Thursday, November 30, 2006
How to improve
Two years back, there were two 2000+ player who regularly plays against me. They used to hand my head to me in a platter everytime. But I didn't mind. Thats how you improve right, by playing stronger players. Anyway, I asked them this question

> How do I improve?

Both of them answered "Study tactics" - This made me glad as I was doing the circles then. I'm on the right track I thought. But after completing the circles, I asked myself "Now what?". I mean do I study more tactics, or positional play, or what? During that time, I was desperately trying to achieve 1800 (The things we do for ratings) that I considered hiring a chess coach. For $20-50 an hour, an IM will go through my games with me and tell me things I needed to know. But as money was tight then, I was understandably hesitant. There must be a cheaper way I thought - So I asked the two again

> How do I improve?

And told them I was considering hiring a coach. Know what they told me?

This was during the time I was participating in STC tournaments so I wanted to play good for my teammates..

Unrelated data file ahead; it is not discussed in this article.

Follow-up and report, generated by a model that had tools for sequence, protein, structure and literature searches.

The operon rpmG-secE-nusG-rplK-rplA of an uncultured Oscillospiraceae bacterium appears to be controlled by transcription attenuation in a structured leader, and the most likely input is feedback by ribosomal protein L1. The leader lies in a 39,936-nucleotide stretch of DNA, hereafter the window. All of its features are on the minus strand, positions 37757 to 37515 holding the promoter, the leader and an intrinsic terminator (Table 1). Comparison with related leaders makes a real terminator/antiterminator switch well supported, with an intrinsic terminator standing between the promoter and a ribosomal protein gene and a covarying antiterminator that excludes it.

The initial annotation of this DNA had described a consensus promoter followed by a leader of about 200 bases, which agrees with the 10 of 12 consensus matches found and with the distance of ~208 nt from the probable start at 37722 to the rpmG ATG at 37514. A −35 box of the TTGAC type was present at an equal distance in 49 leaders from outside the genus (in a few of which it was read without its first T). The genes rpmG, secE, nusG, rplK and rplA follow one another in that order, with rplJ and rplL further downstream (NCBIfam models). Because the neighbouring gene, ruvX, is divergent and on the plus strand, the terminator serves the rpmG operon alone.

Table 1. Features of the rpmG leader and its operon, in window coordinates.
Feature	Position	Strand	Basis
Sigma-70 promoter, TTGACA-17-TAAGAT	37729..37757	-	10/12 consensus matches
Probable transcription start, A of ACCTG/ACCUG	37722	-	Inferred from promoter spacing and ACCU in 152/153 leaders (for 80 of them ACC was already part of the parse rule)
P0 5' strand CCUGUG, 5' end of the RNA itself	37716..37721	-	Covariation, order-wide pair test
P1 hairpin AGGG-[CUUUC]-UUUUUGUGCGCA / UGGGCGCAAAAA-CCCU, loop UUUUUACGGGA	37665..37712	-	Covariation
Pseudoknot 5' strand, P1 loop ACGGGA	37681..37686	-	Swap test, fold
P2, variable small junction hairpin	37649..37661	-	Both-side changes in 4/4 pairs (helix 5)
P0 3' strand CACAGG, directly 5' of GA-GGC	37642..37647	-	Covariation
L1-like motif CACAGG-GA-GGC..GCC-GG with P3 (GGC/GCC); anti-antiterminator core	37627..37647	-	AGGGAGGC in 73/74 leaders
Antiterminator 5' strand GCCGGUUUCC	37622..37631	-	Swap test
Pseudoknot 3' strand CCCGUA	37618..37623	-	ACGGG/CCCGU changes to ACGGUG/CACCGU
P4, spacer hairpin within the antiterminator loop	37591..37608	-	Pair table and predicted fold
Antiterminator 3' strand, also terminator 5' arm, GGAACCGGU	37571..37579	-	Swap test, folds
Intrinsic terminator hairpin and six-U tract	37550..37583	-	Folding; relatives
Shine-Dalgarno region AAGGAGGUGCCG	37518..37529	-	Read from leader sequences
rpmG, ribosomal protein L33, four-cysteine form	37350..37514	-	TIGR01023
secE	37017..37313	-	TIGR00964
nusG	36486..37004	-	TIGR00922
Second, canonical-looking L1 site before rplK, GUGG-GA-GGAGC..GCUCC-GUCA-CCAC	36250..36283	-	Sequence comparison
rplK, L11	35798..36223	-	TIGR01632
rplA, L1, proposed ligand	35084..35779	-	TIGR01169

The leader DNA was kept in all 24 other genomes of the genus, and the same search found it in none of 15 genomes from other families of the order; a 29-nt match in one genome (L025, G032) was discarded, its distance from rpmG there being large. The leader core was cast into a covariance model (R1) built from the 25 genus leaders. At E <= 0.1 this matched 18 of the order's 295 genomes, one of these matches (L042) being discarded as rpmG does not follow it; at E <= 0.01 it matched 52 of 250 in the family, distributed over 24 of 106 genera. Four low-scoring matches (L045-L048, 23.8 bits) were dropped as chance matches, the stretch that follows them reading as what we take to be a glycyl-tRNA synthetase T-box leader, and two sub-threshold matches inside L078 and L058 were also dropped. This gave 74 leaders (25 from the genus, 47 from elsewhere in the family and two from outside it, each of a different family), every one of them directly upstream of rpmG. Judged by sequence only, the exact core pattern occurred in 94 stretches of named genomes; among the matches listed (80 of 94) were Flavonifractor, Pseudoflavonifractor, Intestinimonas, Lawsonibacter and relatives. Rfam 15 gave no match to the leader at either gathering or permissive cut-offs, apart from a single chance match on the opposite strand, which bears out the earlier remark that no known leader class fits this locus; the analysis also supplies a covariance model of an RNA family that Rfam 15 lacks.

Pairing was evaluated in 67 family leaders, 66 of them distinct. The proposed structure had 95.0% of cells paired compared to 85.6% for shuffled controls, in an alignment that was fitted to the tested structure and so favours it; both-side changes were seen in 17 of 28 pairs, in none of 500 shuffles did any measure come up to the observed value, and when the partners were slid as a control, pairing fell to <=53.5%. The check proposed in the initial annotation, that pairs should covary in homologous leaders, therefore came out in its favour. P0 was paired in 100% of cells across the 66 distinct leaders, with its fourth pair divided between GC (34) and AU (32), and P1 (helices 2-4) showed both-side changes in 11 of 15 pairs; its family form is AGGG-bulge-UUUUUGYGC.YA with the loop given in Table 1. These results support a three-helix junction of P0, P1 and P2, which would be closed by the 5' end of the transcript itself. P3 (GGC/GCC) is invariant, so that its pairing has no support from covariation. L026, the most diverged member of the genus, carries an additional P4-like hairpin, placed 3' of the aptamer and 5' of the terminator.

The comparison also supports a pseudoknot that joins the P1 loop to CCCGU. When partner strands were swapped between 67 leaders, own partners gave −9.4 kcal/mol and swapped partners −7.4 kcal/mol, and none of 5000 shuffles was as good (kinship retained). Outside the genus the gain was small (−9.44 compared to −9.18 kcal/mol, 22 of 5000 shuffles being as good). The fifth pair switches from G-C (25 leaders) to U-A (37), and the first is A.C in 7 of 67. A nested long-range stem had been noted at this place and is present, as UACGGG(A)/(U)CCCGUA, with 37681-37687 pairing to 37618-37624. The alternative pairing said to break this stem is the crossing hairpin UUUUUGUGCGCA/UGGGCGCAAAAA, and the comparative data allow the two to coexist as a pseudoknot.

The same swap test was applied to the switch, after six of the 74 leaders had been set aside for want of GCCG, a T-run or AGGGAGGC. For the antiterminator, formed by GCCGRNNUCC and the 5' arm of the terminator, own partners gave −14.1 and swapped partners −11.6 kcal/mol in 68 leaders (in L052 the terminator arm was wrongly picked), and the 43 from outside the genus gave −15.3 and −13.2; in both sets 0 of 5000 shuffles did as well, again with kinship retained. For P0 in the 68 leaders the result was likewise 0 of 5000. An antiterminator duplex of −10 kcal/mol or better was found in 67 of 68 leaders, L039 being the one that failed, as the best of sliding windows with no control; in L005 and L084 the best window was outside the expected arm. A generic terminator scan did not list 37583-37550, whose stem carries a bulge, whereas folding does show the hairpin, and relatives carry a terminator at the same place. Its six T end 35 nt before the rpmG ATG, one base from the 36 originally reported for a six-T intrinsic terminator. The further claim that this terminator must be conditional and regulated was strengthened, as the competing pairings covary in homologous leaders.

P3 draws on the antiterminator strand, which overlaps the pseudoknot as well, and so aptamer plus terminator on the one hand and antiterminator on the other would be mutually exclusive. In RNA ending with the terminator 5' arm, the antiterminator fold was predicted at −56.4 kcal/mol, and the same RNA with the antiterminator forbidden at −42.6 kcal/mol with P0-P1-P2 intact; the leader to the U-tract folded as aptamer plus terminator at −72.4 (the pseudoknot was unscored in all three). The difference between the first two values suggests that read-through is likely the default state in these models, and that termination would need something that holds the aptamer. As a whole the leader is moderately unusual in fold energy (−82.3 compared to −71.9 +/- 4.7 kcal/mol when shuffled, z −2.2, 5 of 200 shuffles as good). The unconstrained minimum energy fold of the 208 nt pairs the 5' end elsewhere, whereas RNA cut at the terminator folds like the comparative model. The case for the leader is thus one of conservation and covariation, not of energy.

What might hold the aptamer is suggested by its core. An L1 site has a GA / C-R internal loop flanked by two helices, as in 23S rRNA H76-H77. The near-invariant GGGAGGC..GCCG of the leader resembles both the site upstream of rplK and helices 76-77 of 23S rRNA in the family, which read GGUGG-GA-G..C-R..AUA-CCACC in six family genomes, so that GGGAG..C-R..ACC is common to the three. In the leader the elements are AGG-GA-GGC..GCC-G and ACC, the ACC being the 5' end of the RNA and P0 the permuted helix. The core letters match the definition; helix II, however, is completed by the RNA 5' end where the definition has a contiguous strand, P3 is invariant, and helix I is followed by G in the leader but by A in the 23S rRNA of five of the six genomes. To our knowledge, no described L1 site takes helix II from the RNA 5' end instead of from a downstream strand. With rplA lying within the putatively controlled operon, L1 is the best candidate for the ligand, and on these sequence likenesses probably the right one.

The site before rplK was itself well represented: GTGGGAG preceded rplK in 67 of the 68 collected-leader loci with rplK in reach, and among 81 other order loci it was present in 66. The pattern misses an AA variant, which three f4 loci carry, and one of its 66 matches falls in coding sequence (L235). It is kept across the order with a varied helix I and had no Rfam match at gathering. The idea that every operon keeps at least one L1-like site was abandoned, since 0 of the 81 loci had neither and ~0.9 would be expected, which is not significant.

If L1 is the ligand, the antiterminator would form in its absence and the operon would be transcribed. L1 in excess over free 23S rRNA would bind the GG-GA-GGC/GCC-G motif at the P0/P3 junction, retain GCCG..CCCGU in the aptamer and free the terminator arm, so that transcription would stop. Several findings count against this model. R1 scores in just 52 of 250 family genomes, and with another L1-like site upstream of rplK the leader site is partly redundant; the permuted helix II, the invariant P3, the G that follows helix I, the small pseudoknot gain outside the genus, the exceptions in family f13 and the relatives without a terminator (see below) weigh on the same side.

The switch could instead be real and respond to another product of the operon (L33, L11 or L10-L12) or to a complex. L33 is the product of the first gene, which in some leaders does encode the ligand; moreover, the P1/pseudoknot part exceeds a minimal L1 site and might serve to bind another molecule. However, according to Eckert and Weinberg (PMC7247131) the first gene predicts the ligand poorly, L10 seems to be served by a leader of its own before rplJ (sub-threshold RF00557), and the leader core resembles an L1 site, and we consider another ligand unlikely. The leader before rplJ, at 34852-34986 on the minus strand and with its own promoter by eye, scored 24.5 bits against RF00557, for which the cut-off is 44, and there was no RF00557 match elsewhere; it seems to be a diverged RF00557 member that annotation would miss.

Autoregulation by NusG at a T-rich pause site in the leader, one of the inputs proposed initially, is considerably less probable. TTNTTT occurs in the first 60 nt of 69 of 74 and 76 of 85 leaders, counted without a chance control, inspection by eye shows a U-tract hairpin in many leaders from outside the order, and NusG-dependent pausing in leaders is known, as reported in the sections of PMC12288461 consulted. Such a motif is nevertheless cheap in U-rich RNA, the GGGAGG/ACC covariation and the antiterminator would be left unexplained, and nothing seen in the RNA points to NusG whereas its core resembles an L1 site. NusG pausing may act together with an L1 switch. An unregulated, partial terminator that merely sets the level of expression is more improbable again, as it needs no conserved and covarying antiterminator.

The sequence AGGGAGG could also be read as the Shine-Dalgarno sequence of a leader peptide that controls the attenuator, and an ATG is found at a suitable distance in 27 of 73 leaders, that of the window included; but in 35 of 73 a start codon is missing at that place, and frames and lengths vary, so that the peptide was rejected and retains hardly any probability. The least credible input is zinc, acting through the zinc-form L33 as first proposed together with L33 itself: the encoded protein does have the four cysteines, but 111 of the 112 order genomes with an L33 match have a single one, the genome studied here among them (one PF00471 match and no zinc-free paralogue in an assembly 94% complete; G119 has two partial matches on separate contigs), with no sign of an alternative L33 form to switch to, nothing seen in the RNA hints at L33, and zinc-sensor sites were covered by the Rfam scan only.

So, ready for the big revelation? here it is -

but before that, I've won 90% of my game in the U1800 section, and wanted to go up to U2000.

Ok now,Really ready to hear the answer?

I was becoming really frustrated as it seems i was hovering at 1750 for the longest time. What is a guy to do to break free from his shackles I asked.

So wanna hear the answer already? really, reaally ready?

naaah, wont tell you..

hehehe - ok2x,

They said that hiring a coach is not needed. All I have to do was to analyze my games. Not by myself cause if I win, I will think my game was perfect. And if I lose it would be too painful to look at things objectively. I need to analyze with another. And basically, thats what's a good coach does for you. But in my case they asked, there are about 50 or so knights "why don't you try asking one of them? That way, you both can learn".

Good advice don't you think?

Anyway, long story short, Ive started analyzing games with Bahus. Our plan was to go through "Simple Chess", alternating with analysis of our games.

For example, here are the things I found when we were analyzing my latest "adventure"

1. Tactics - I missed a few. I could have won the queen, but was totally blind to the possibility